Mullally says the obsession with cost is stifling social care
provision. The government should take heed.
are challenging times to be a trade union activist in a social
services department. For diehards like myself who kept the flame
alight through Conservative governments of the 1980s and 1990s,
there were high expectations that the return of Labour would herald
a new golden era for public services. Nowhere has the
disappointment been as great as in social services.
years later the outlook is bleak, and there is a general
recognition that social care provision is seriously underfunded.
Moreover, we are in a recruitment crisis and are seeing a growing
public perception of failure fuelled by events such as the Victoria
did we get to this state? The appointments section of this
publication gives the game away. The debate over who should deliver
our social services is over and the skills demanded at the senior
level are those of commissioning and “strategic” planning. This
grim uniformity suggests one source – the joint review.
uniform approach is valuable if its theoretical framework is
strong, but there is mounting evidence that this is not the case
and that the influence of the joint review has become part of the
problem rather than the solution for social care policy
at the Climbi‚ inquiry highlighted the failure by inspectors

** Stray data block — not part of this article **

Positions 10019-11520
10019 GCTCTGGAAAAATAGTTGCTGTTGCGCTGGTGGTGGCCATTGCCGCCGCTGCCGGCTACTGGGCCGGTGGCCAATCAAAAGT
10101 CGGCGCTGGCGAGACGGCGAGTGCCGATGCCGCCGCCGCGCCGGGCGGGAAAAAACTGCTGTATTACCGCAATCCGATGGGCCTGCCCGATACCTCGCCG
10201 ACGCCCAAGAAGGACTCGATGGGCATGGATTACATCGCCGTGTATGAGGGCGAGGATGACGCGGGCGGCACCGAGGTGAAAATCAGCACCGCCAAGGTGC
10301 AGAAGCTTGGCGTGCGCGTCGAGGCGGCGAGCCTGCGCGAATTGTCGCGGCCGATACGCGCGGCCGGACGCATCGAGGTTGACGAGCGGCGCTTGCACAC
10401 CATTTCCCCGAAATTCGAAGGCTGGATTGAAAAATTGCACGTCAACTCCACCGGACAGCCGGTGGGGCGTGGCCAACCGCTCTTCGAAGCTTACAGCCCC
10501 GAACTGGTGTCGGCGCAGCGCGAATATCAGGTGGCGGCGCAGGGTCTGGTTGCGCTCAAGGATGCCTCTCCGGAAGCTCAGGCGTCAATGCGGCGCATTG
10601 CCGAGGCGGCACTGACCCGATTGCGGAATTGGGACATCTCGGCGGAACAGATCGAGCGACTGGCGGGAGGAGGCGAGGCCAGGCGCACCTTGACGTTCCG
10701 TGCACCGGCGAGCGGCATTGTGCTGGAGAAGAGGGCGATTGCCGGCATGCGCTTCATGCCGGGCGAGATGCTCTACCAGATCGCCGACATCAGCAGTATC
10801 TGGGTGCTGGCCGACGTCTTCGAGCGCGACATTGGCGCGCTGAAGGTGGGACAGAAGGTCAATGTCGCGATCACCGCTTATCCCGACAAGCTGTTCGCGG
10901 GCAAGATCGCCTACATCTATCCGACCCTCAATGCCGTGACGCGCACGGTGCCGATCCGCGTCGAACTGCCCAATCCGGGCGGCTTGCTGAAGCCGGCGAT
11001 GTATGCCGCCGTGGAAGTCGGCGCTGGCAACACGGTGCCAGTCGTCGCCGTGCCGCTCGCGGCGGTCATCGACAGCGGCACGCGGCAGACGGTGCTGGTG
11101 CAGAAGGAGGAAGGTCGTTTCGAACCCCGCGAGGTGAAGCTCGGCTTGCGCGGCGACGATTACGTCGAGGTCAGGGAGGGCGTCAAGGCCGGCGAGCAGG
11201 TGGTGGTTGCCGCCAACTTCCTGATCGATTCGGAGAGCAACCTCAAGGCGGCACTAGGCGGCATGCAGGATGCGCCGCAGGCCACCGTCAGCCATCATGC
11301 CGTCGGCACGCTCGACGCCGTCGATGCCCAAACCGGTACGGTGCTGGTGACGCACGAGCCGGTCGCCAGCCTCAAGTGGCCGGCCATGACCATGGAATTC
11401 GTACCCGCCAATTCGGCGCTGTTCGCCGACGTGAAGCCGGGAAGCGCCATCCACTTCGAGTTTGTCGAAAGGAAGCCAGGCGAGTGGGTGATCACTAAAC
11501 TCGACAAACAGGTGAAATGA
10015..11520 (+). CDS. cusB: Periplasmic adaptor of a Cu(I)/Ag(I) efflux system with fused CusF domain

to identify weaknesses in child protection systems. The reality is
that reviews have focused on cost rather than quality as the
defining issue. Progress has been judged largely by the extent of
commissioning in the private and independent sector and dedication
to the relentless pursuit of cheaper service delivery.
Particularly concerning about the role of the joint review is the
apparent reluctance of councils to challenge their conclusions.
Outsourcing – the stock-in-trade of the “modernising” department –
removes control from councillors but not responsibility.
dilemma for the government is that the joint review process has
become the only show in town. Most independent observers would
agree that it has favoured an ever-increasing role for the private
sector and has caused an increase in charges and rationing of
government instructing the electorate to judge it on the quality of
its public services it is surely time to listen to the growing
chorus of academic, professional and community opinion calling for
a fresh assessment of the role and influence of the joint review
process in determining the future of social care provision.
Donal Mullally is chairperson of Wakefield Unison social